Atienza (Guadalajara)

...On the left they pass Atienza, a very high cliff,
they then crossed the Miedes mountains, 
through the Montes Claros they spur on, 

The Song of el Cid, verses 2691 et seq.

According to  the Cantar de  mío Cid , in order not to be discovered, the hosts of el Cid ride at night and rest for the day, avoiding strongholds like Atienza's, which the poem calls "a strong rock" ("una peña fuerte").

The story offers more information about the village: the situation of Atienza, in the border area between the Christian kingdoms of the north and the Muslim kingdoms of the south, meant that during the 9th to 12th centuries Atienza changed hands on several occasions. There is not much documentation about the medieval past of the town: apparently, at the beginning of the 11th century, the caliph of Córdoba, Sulayman, handed it over to Count Sancho Garcés along with other fortresses, such as Gormaz, as consideration for the military  support by the count in his struggle for the caliphate. By then Atienza was already fortified (the historian Al Razi states that already in the tenth century Atienza was one of the strongest fortresses north of present-day Guadalajara), although the origins of the current castle date back to the 12th century.

After the disintegration of the Caliphate, Atienza belonged to the Taifa kingdom of Toledo, and was conquered by Alfonso VI in 1085, although it would not definitely pass into Christian hands until 1112, when Alfonso I of Aragon El Batallador conquered the castle.

In 1149, Alfonso VII granted jurisdiction to the town, and shortly thereafter, the still young Prince Alfonso VIII was the protagonist of the nobiliary internal struggles from which he left unscathed thanks to the help of the inhabitants of Atienza, who still celebrate this fact in the Fiesta de la Caballada, a festivity that dates back to 1162.

Atienza is a surprising town with a rich and large heritage, much of it can be seen in its three museums (a surprising number considering that the town has less than 500 inhabitants) and its streets, which still recall much of its medieval past . A walk through the urban center deserves a lot of surprises. Under the silhouette of its castle, always dominant, time seems to have stopped in the steep streets, in its churches of Romanesque origin, or in the supported places, typically Castilian.

It is worth to go to the castle. The fortress tower that today distinguishes the town was used as a prison: people of Atienza assure that one of its "guests" was Francisco I of France, who was temporarily retained after the battle of Pavia, in 1525. The ascent to the castle gives us some unbeatable views all around, and it explains the strategic importance of Atienza.

Next to some imposing walls, remnants of the original triple wall of the town, is the church of Santa María del Rey, built in 1112 according to the inscription on the north door to commemorate the "liberation" of the town, until then in Muslim hands. In all likelihood, as was the custom, this church of Santa Maria was built on the old mosque, which gives an account of the arch of the north entrance, which can be read in kufic script: The importance of Allah. Of the early church from the 12th century remains the apse, unusually quadrangular, and the doors, from the 12th and 13th century. The South Gate, of the XIII century, of late Romanesque style, is very unique, and has hundreds of carvings of saints, angels and demons, unfortunately in poor conditions.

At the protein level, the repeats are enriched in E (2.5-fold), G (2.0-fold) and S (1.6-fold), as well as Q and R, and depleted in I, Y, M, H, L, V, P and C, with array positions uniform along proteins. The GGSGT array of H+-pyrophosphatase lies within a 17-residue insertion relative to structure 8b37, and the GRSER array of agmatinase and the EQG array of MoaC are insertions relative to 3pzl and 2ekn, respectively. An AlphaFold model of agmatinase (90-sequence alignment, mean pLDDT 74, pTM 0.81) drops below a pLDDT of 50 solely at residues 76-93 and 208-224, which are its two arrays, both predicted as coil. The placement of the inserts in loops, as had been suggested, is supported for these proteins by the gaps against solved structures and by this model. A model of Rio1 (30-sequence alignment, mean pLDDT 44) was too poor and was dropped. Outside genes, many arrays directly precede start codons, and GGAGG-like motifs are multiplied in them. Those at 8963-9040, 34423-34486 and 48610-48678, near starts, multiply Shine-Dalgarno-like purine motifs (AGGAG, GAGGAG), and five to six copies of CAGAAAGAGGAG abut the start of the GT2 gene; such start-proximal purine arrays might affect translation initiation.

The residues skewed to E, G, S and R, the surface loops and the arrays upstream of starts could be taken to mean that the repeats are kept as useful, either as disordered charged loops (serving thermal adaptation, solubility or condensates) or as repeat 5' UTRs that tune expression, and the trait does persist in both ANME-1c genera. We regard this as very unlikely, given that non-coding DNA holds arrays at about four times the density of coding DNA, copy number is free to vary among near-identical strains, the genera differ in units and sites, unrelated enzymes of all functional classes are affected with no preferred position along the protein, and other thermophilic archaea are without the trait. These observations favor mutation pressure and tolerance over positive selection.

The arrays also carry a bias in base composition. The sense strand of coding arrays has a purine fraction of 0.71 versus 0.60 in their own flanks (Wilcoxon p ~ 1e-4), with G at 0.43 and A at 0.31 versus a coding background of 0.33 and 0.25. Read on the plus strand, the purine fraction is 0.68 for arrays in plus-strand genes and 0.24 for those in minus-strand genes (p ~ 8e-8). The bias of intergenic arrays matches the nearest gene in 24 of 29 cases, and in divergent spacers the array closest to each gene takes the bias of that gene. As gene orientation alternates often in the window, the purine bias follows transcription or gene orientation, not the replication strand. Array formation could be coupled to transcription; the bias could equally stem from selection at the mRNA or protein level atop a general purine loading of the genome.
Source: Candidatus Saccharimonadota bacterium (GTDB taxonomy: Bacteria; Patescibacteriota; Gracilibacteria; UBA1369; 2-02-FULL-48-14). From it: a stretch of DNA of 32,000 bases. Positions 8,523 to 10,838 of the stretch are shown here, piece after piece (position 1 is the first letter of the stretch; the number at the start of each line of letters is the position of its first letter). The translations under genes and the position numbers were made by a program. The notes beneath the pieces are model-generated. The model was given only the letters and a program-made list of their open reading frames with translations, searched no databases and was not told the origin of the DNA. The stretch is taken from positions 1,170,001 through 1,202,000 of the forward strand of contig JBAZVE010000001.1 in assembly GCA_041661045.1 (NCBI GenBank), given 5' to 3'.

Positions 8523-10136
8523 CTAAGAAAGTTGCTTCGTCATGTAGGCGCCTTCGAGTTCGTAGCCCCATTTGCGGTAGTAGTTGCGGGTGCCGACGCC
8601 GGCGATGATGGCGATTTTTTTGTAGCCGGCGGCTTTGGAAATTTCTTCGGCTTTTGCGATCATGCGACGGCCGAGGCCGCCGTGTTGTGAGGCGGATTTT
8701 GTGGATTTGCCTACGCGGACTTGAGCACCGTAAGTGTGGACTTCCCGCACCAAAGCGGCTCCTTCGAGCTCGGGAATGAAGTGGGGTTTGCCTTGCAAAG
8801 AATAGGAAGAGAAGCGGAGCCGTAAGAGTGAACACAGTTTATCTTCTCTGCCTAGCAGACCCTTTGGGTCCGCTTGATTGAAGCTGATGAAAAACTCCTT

From Santa María, the traveler can get into the streets and visit its museums, located in three churches. The Museum of Religious Art of San Gil surprises for its heritage, while the San Bartolomé museum, located in the Romanesque church of the same name, houses pieces of great interest along with an amazing collection of fossils.

Atienza is an important village and possesses numerous services for the traveler. The famous festival of La Caballada, which takes place every Sunday of Pentecost, has its origin in the liberation by the inhabitants of the townof the child king Alfonso VIII in 1162.

 

We suggest
  • Atienza has many attractions for fans of history and art, but if you like Romanesque you can not miss the cover of the church of Santa María del Val. It is worth  to see the acrobats that hold the archivolt of the cover, as it is an unusual image in the Castilian Romanesque.

How to get there ... and return
  • The bus company ALSA makes the journey Atienza - Guadalajara - Madrid, and Madrid - Guadalajara - Atienza every day of the week. The bus does not enter the town but picks up and leaves the travelers at the Cantaperdiz junction, about 3 km from Atienza towards Soria.
  • If you travel by bicycle, please take into account  ALSA only allows you to transport a maximum of 4 bicycles and that it charges a supplement that you must add to the price of the ticket. You have to check the availability before doing the trip and pack and dismantle the front wheel to put the bike in the luggage rack. For more information: 902 422 242 (it is an automatic switchboard) and web www.alsa.es.
  • There is another bus company - Campos - which also offers service although in this case from Atienza to Guadalajara and from Guadalajara to Atienza (they do not arrive in Madrid). These buses enter in the municipality but they have  not space to bicycles. The don´t travel every day of the week so if you want to check the frequency you have to contact them through 679 194 894.

Warning. This text has been translated with the help of automated translation software. It will be replaced by a professional human translation as soon as possible. We are sorry for the inconvenience.

Useful information

Rev. ALC: 16.07.18